“There was only a couple of times, unfortunate times, when Bill’s dad passed away, and he would say like, ‘I have to go and I want you to chair the meeting this morning and get in front of the team.’” Scarnecchia told The Greg Hill Show. “And then another time, when Bill had to go early to the first Super Bowl against the Rams because we didn’t have an off-week that year — that was the year of 9/11 and all the rest of it. So, he and the team went ahead and all the assistants stayed behind. He gave me some responsibilities for that, but there are not many of those things.

“It’s a title that you have, and the second time, when I came back, I didn’t have the title and I was doing what I was doing the first time. So, it’s not a big deal. It’s something that’s bestowed upon you, and when it comes up you help where you can. Most of the time it doesn’t, so you just rock along as an assistant coach.”

Early reviews of the Patriots’ 2022 draft class are positive: The success of a team’s draft class cannot be fully evaluated until several years down the road, but the early reviews of the Patriots’ haul in 2022 is a positive one. According to a recent analysis by Pro Football Focus’ Timo Riske, the team had one of the better draft classes in the league last spring:

Timo Riske

Things can and will change over the coming years, but for now New England can be happy about what it brought in. Several players — including guard Cole Strange, cornerbacks Marcus Jones and Jack Jones, quarterback Bailey Zappe — showed considerable promise, not to mention an undrafted class that includes possible future special teams centerpiece Brenden Schooler.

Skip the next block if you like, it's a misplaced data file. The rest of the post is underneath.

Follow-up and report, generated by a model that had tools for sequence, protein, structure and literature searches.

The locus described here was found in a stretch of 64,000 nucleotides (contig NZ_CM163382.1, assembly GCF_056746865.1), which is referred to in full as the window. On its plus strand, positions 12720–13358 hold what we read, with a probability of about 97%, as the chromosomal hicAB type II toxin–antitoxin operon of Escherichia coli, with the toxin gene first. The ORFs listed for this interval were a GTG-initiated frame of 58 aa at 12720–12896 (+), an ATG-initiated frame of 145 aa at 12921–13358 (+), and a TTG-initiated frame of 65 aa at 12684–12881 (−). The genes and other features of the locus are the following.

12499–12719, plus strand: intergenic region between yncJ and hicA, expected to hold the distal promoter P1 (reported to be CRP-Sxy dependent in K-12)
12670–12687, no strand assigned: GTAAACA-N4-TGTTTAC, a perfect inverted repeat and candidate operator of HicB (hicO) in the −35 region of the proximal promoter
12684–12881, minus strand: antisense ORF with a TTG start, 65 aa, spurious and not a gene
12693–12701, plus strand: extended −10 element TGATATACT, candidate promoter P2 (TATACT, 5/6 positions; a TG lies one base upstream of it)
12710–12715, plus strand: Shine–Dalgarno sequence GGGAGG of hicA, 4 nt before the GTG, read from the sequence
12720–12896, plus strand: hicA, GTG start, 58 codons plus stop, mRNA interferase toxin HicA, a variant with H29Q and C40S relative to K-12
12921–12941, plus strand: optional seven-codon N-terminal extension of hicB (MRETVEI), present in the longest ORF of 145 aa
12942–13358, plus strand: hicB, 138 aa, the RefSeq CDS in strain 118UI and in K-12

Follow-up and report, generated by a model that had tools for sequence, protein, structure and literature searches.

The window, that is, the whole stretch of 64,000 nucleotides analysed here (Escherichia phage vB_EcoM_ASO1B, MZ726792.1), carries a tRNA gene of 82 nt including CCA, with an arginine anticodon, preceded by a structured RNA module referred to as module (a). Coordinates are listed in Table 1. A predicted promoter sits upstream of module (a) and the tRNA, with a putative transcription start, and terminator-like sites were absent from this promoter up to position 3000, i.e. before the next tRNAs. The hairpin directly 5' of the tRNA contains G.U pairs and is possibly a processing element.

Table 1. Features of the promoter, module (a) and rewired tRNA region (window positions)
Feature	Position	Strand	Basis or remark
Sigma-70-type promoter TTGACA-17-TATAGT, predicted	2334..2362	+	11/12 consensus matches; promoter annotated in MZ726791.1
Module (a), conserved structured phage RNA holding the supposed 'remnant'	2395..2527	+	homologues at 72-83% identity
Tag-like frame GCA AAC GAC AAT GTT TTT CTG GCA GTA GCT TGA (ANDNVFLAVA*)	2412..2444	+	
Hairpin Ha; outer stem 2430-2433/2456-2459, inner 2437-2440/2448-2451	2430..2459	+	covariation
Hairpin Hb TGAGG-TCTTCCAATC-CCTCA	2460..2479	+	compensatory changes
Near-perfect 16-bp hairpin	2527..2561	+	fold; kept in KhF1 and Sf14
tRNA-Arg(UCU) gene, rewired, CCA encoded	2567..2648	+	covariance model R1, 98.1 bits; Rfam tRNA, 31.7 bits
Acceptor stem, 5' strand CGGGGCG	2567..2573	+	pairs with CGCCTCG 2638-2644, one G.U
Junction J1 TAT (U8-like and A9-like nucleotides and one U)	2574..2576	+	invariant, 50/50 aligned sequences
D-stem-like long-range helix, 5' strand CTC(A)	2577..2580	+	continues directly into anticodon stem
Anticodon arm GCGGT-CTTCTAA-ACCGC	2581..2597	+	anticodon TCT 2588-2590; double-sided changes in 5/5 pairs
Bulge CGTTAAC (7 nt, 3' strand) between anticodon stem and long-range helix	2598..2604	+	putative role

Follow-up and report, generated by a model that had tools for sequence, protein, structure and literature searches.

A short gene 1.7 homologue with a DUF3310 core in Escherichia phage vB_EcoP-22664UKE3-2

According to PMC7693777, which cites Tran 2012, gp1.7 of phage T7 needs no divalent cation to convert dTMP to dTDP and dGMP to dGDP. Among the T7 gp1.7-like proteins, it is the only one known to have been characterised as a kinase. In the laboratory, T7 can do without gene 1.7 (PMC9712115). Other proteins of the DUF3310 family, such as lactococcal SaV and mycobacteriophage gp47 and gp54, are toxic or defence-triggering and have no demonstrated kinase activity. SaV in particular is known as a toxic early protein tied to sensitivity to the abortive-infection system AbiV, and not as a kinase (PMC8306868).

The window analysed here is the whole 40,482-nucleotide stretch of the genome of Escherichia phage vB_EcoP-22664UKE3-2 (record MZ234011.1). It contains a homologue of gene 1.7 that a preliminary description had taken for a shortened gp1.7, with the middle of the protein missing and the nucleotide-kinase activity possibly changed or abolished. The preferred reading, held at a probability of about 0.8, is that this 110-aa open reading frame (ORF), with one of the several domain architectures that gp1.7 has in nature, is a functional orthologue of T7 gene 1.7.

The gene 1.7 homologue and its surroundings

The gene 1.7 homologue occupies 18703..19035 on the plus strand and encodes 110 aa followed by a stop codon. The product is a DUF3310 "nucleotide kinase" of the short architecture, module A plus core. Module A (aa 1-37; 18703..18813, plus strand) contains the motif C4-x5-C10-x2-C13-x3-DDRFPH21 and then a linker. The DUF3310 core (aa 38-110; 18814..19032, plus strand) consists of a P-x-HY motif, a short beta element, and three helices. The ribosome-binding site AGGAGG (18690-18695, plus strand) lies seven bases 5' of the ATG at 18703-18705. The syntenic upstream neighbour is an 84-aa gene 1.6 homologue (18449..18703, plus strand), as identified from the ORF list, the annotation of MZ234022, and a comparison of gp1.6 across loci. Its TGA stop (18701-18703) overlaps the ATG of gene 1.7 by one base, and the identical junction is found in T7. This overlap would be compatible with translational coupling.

Several players are in consideration for the Patriots Hall of Fame: The Patriots’ Hall of Fame committee met this week to discuss potential nominees for 2023. According to one person present in that room, ESPN’s Mike Reiss, multiple players were mentioned: DT Julius Adams, OL Pete Brock, TE Russ Francis, G Logan Mankins, S Lawyer Milloy, K John Smith, FB Mosi Tatupu, LB Mike Vrabel and WR Wes Welker on the players side, as well as Chuck Fairbanks and Bill Parcells as coaches.

In addition, the aforementioned Dante Scarnecchia was surprised by team owner Robert Kraft; through the power of executive privilege, Kraft made Scarnecchia a Hall of Fame selection as well.